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Maryland to receive $49 million in federal funding to offset cost of student meals while schools are closed

Low-income families in Maryland will receive a combined $49 million in additional funding to offset the cost of meals their children would otherwise be served for free or at a discounted price at school, officials announced Wednesday.

Maryland joins a dozen other states approved to participate in the federal government’s Pandemic Electronic Benefit Transfer program, a monthly benefit that will provide $5.70 per child per day to needy families while schools are closed due to the coronavirus.

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The families of about 427,000 low-income children in Maryland — nearly half of the state’s students — are eligible for P-EBT money, according to the state education and human services officials.

The additional funding "will dramatically help maximize the nutritional well-being of children in Maryland,” Schools Superintendent Karen B. Salmon said in a statement.

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"While local school districts and agencies are distributing meals at over 600 emergency sites across the State, this additional P-EBT benefit will help sustain students and their families through the COVID-19 pandemic crisis,” Salmon said.

Households already participating in the Supplemental Nutrition Assistance Program (formerly known as food stamps) will receive the additional money — including retroactive payments for March, April and May — on their EBT cards beginning in June, according to the state Department of Human Services.

The P-EBT benefits “will continue to be issued for the duration that schools are closed due to COVID-19,” the disease caused by the coronavirus, according to the state human services department.

Any SNAP recipients who have lost their EBT card may call the Maryland EBT Customer Call Center at 1-800-997-2222 to have a replacement card issued.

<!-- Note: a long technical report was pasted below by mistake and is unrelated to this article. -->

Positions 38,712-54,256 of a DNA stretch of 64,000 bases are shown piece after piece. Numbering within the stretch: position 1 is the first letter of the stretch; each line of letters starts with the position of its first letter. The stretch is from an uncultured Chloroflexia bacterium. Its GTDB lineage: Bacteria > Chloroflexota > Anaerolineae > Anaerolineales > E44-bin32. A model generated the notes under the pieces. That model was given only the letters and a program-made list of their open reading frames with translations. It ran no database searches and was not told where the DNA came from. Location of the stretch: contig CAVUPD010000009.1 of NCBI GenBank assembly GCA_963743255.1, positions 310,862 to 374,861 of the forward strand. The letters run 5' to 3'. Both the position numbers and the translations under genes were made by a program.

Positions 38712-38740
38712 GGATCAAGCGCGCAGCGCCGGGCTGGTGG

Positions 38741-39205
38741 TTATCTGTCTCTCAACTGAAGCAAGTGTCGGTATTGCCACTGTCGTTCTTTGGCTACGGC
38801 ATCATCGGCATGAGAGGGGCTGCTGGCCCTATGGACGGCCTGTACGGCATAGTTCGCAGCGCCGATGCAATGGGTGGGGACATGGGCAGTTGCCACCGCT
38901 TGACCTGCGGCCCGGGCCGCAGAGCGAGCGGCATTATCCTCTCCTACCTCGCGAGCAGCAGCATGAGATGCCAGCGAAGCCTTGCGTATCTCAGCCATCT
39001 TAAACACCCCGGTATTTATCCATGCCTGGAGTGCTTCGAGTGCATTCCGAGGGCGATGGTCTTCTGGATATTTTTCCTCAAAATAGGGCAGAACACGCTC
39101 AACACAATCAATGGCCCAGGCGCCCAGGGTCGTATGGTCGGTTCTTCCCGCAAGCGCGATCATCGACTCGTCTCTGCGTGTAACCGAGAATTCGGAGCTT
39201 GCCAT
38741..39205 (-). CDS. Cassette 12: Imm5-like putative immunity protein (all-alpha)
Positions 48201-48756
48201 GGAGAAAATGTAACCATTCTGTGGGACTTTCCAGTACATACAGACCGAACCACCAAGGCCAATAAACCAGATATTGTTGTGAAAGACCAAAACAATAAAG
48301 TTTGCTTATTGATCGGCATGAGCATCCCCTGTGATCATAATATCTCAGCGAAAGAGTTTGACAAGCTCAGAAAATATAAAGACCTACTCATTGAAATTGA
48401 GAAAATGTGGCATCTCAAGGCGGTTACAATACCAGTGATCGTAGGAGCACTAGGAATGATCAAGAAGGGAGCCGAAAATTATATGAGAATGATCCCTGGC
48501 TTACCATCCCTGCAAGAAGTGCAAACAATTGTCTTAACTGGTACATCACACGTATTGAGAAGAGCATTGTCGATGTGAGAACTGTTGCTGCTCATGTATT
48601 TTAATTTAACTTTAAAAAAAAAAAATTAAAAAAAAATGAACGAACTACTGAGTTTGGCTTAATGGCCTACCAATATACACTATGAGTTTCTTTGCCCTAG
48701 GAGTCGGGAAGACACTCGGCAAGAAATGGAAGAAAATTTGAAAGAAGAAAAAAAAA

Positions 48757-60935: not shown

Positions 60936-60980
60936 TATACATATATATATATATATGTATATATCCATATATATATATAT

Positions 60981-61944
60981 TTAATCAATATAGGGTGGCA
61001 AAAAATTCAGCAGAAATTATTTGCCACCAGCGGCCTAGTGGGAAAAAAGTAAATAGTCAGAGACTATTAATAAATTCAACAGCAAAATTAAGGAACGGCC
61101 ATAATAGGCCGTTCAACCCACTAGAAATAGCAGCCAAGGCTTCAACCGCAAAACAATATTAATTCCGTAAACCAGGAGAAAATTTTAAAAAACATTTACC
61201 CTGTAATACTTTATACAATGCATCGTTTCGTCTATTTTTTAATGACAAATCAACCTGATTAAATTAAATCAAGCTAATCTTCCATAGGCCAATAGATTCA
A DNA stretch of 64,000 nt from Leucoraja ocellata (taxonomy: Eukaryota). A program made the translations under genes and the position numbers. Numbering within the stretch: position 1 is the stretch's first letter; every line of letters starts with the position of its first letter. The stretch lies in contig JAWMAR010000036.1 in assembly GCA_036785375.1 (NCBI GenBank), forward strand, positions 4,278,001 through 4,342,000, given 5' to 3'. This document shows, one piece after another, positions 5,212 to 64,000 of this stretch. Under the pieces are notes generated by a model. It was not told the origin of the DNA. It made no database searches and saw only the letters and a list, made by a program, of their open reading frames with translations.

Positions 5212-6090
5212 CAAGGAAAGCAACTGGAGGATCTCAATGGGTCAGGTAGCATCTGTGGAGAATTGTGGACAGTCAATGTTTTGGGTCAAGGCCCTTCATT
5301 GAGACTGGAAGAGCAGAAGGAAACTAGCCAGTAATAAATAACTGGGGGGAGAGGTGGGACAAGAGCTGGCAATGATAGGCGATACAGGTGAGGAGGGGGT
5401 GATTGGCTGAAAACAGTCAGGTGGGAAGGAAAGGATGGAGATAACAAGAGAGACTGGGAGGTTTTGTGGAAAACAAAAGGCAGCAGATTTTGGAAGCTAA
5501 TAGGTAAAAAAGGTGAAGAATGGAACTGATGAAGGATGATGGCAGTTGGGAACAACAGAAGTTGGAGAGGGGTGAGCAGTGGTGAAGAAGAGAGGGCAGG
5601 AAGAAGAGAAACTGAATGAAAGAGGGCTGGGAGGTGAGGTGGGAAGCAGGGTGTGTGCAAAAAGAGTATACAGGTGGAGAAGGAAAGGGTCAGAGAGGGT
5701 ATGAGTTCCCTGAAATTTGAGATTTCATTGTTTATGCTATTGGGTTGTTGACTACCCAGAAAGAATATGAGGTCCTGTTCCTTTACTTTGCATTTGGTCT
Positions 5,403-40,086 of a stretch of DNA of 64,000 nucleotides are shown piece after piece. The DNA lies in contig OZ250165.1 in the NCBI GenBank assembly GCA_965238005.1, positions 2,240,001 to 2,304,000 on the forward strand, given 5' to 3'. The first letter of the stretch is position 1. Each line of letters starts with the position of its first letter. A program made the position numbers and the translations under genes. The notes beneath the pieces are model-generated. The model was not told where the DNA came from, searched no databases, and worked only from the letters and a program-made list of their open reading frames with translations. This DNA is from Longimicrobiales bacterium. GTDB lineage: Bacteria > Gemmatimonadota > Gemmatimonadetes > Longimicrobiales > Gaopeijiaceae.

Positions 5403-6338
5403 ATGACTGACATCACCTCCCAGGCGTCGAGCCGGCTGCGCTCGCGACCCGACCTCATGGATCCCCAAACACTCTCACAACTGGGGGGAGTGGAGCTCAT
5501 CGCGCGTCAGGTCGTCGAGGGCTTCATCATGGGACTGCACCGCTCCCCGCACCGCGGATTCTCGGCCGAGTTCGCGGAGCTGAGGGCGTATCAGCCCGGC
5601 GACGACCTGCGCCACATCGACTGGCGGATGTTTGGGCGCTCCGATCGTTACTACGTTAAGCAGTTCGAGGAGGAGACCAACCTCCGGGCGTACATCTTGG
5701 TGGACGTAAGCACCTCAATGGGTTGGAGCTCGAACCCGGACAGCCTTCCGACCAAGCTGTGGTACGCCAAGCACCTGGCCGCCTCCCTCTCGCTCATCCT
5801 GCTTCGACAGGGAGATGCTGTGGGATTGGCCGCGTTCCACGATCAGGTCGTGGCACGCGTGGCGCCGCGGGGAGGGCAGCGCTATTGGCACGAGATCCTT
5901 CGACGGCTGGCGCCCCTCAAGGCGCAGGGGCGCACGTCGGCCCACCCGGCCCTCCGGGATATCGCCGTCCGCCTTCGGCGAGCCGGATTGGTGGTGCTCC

Maryland is mailing letters to non-SNAP families who are eligible for P-EBT funding with a pre-populated form for them to sign and return, confirming they would like to participate, officials said.

“The Pandemic-EBT program offers Maryland an opportunity to provide additional nutritional resources to families who are losing access to free or reduced-price school meals as schools across the country close in response to COVID-19,” said Netsanet Kibret, Executive Director of the state’s Family Investment Administration.

It’s among a number of steps the state has taken to make sure families are fed during the global pandemic.

Maryland has been approved to distribute 1 million pounds of food to jurisdictions hit hardest by COVID-19 in a Disaster Household Distribution Program. The state has asked the federal government to expedite the capability of Maryland food retailers to accept online payments via SNAP.

The state and federal governments have relaxed some SNAP regulations, such as work requirements, and Maryland plans to provide more than $66 million in additional SNAP benefits to more than 319,000 households in response to the coronavirus, the state Department of Human Services announced earlier this month.

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